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Re: starship-design: We need to get on the same (pellet) track first
>>That is only so if you keep the exhaust velocity constant.
>>You can also keep the mass ratio constant and increase the exhaust velocity.
>No you can't. Like it or not, there's a top exhaust velocity available
>just barely acceptable if we're using fusion power.
Then we agree. All that I should have added is "for low cruise velocities
with a fusion design":
For low cruise velocities one needs just as much energy when using the same
amount of mass for a ramjet design as for a self-fueled-fusion design.
>>I should note that anything above 0.3c doesn't apply to pure fusion designs,
>>but only for designs that use a more energy rich fuel.
>Which means antimatter. (Or something even more bizzare, like a black
Or a partial beamed design...
>>You say that I'm right that it will get more difficult with speed. But then
>>you say that is neglectable due to your design.
>>This discussion is not about design inefficiencies. It is about the
>>elementary physics that are involved. Once we agree about that, we can
>>discuss the flaws of specific designs.
>You simply can't ignore the realities of particular methods of
>propulsion. For instance, you can't ignore the fact that without
>anti-matter power, maximum exhaust velocity is _the_ limiting
>factor in traditional interstellar rocket designs.
I wasn't discussing the realities of a particular method, but of a
self-fueled design in general. Now that we cleared things up, I guess we can
indeed go to the particular cases.
>For instance, it's really pointless in discussing the potential
>energy efficiency of launching something solid at relativistic
>velocities via an electromagnetic mass driver because you'd
>never be able to build one long enough.
True, but before you can discard a method, you have to determine what the
limits are. I've found that there are few numbers available about the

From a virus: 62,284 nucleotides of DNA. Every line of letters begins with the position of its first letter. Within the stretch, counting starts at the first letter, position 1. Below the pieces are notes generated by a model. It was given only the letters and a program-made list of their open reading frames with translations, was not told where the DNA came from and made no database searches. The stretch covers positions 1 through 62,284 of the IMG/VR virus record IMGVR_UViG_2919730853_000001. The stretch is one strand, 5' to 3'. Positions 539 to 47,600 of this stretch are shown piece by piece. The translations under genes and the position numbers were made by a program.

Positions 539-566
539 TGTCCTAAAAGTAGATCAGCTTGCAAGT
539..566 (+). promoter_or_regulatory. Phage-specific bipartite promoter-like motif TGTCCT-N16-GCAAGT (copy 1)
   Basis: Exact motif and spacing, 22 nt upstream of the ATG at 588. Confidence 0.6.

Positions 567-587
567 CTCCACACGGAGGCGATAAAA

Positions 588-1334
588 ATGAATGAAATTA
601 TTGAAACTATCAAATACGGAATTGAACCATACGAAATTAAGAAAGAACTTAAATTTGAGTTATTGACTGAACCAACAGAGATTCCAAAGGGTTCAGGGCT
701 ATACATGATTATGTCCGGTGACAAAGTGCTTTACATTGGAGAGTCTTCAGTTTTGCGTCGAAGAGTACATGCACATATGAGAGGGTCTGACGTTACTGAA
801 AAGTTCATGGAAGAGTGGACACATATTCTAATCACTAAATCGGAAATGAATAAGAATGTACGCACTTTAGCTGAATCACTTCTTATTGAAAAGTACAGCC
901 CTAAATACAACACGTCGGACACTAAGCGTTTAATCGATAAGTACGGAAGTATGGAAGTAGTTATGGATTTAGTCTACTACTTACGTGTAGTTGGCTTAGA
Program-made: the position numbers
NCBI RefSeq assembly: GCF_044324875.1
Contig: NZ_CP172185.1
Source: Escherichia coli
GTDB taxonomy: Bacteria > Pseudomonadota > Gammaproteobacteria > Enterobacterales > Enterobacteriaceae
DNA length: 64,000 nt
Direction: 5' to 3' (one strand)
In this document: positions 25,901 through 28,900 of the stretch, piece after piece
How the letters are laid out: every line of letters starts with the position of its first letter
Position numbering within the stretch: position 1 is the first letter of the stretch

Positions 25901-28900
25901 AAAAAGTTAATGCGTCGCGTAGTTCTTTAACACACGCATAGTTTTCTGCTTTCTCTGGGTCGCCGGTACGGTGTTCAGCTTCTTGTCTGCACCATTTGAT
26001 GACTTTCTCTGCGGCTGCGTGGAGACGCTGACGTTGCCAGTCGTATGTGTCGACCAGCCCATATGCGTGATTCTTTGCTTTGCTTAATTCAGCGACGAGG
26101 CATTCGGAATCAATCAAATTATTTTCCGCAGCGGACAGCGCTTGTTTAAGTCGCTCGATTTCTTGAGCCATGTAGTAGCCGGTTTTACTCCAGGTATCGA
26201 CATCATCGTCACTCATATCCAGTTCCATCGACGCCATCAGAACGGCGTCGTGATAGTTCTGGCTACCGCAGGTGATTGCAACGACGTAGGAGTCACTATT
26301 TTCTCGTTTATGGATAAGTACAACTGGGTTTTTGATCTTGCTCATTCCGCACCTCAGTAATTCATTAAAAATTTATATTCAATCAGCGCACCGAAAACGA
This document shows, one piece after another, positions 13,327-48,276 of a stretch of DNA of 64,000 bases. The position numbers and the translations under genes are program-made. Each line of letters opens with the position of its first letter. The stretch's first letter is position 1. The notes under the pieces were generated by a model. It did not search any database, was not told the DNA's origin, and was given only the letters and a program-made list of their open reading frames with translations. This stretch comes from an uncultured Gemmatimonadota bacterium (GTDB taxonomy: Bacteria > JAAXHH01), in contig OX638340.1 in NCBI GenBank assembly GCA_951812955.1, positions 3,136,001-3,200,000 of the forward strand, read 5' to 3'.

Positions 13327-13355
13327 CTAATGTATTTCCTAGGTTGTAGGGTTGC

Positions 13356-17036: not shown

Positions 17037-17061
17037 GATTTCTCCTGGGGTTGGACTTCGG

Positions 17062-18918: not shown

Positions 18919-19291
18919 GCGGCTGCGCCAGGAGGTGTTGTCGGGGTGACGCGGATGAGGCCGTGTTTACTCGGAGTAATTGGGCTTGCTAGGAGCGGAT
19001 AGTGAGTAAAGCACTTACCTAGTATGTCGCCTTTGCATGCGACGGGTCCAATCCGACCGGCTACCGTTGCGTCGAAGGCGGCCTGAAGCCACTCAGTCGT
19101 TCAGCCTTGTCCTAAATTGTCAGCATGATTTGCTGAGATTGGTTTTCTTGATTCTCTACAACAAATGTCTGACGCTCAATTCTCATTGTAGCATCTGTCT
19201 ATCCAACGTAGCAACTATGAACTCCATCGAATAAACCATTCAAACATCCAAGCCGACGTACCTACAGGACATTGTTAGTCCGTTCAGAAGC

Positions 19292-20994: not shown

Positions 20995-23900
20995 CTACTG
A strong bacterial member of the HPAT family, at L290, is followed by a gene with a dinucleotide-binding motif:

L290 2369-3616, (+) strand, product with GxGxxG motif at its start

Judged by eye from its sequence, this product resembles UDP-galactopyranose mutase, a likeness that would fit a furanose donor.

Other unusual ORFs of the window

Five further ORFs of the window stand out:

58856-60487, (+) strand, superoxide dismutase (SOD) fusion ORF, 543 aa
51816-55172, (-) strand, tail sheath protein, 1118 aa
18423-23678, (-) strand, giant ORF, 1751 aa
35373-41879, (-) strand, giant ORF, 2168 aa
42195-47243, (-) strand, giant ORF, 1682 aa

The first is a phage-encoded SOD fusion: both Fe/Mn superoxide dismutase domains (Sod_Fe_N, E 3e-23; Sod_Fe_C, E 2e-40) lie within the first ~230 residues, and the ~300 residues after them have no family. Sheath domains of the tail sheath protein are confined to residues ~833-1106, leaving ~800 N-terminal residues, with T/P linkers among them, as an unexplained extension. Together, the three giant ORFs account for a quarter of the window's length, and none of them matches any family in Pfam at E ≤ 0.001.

designs we are talking about. To avoid needless calculation I approach the
designs in a general way. Then after having looked at the results, I'll
discard a particular case.
I guess I was put a little bit off balance by your cooked-&-ready approach,
just as you probably were by my step-by-step approach.
>>The trust or force you get is not proportional to the amount of mass used:
>>To accelerate a fast moving mass needs quadratically more energy than
>>accelerating a slow moving mass.
>This assumes you're using a method of accelerating the mass which is
>limited by energy input. This ramjet is _not_ limited by how much
>energy it inputs into the mass stream, because it isn't providing
>the energy (the pellets themselves provide the fusing energy).
True, the pellets not used as exhaust mass are then more or less used as
>>>However, assuming a perfectly ideal accelerator track scheme,
>>>the increase will be with the square of the velocity. In the
>>>ideal situation, the same amount of energy is imparted to each
>>>incoming pellet, so the amount of thrust you get from a pellet
>>>is inversely proportional to its relative velocity. This will
>>>blow up track mass requirements as the square of the desired
>>No, in an ideal track you will add as little energy as possible to each unit
>You will add the _same_ amount of energy per pellet.
>>That will give you the most momentum per unit of energy.
>>An ideal(=minimum energy requirement) track therefore has unlimited amounts
>>of mass available.
>Umm...it takes some energy to create the track in the first place.
>The amount may vary, but I think a good assumption is that the
>cost is roughly proportional to the mass of the track.
>Thus, even if we use your minimum energy requirement (which is invalid
>in this case), the ideal track will be some finite mass.
Yes, I was exaggarating a bit. Clearly an infinite amount of mass wouldn't
be practical, since you had to pass trough it.